Sources of depression
Chemotherapy and certain pain medications (particularly opiates) can cause depression—as can the emotional toll that comes with a breast cancer diagnosis. Ovarian suppression or removal can also lead to depression.
The following types of hormonal therapy can cause depression:
- Arimidex (chemical name: anastrozole)
- Aromasin (chemical name: exemestane)
- Evista (chemical name: raloxifene)
- Fareston (chemical name: toremifene)
- Faslodex (chemical name: fulvestrant)
- Femara (chemical name: letrozole)
If you’re taking these medications and you feel depressed, there could be a relationship to ask your doctor about. That being said, hormonal therapy is an important part of your treatment plan and is proven to reduce the risk of recurrence and improve overall survival. In the Outcomes4Me App, you can track symptoms, like depression or anxiety, as well as your medications. Presenting that information together to your doctor could help diagnosis the source of your symptoms.
It may be difficult to pinpoint the exact cause of your depressive symptoms, as multiple factors may be contributing, but knowing the potential source or sources can help you determine what your next steps may be. Suffering from depression can make it difficult for some to regularly take their medicine, but it’s important you stick with your doctor’s recommended treatment plan.
How to cope
While you work on a treatment plan with your doctor, these are some steps you can take to help fight feelings of depression.
- Set achievable day-to-day goals. You don’t need to be an overachiever here. Set some realistic goals to complete each day to feel a sense of purpose and accomplishment. Having trouble sticking to your goals? Using a free app to track your goals and progress, like the Way of Life app, can help keep you organized and motivated.
- Spend time on recreation. Make time to enjoy some of your favorite hobbies or recreation activities. Painting, playing music, and enjoying any activity you have positive emotional connotations with can help.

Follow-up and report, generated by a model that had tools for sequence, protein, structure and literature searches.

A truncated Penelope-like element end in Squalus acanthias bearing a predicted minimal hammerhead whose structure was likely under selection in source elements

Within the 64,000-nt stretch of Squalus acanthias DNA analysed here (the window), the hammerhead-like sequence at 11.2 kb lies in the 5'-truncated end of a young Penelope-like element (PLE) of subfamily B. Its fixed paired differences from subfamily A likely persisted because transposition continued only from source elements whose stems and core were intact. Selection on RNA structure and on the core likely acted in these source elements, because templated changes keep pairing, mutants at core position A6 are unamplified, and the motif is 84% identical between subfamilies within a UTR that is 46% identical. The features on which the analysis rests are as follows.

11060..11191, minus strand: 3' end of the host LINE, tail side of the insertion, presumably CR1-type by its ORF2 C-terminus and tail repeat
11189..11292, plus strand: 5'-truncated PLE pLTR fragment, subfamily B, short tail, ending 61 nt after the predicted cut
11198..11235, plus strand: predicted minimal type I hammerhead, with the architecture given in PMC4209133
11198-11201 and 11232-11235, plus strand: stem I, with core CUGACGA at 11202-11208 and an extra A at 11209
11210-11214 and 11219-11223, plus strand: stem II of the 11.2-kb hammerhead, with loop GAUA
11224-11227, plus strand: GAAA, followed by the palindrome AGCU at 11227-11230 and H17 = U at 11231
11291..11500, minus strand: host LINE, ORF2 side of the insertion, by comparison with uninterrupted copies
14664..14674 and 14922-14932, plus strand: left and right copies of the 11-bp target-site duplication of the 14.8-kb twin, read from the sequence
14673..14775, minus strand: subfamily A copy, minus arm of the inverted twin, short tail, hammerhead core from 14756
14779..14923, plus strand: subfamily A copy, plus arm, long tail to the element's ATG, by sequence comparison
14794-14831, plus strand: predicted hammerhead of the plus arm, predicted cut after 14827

- Embrace human connection. Connection is key. If possible, interact with your support system of friends and family members on a daily basis. If you are self-isolating, make sure you talk to someone via phone or video chat every day. If you need help finding a support system, BreastCancer.org has a free virtual community you can join.
- Eat well. What you eat can affect how you feel. Try to embrace a diet full of whole grains, fruits and vegetables, and lean protein to help give your immune system and mental health a leg up. You can learn more about nutrition and breast cancer here.
- Sweat it out. Exercise can reduce stress levels and ease symptoms of depression. Your treatment plan may limit your fitness options, so talk to your doctor first about what kind of physical activities you can safely do. You don’t need to hit the gym every day. Set small but attainable fitness goals such as going on a neighborhood walk every morning or stretching twice a day so you can work towards reaching your toes.
- Skip your next drink. Alcohol can make depression worse and can interfere with antidepressant medicine. Consider ordering a mocktail during your next happy hour and at the very least double check with your doctor to make sure alcohol won’t interfere with any medication you’re taking.
Not all of these tips will suit everyone and it’s important to consult your doctor when any signs of depression arise, but hopefully they will help provide you with ways to cope while you navigate this challenging time.
Tracking symptoms like depression and anxiety can help you and your doctor understand their frequency and severity. You can track and manage your symptoms in the Outcomes4Me App, so that you can bring that data with you to your next doctor’s appointment. Download the app today!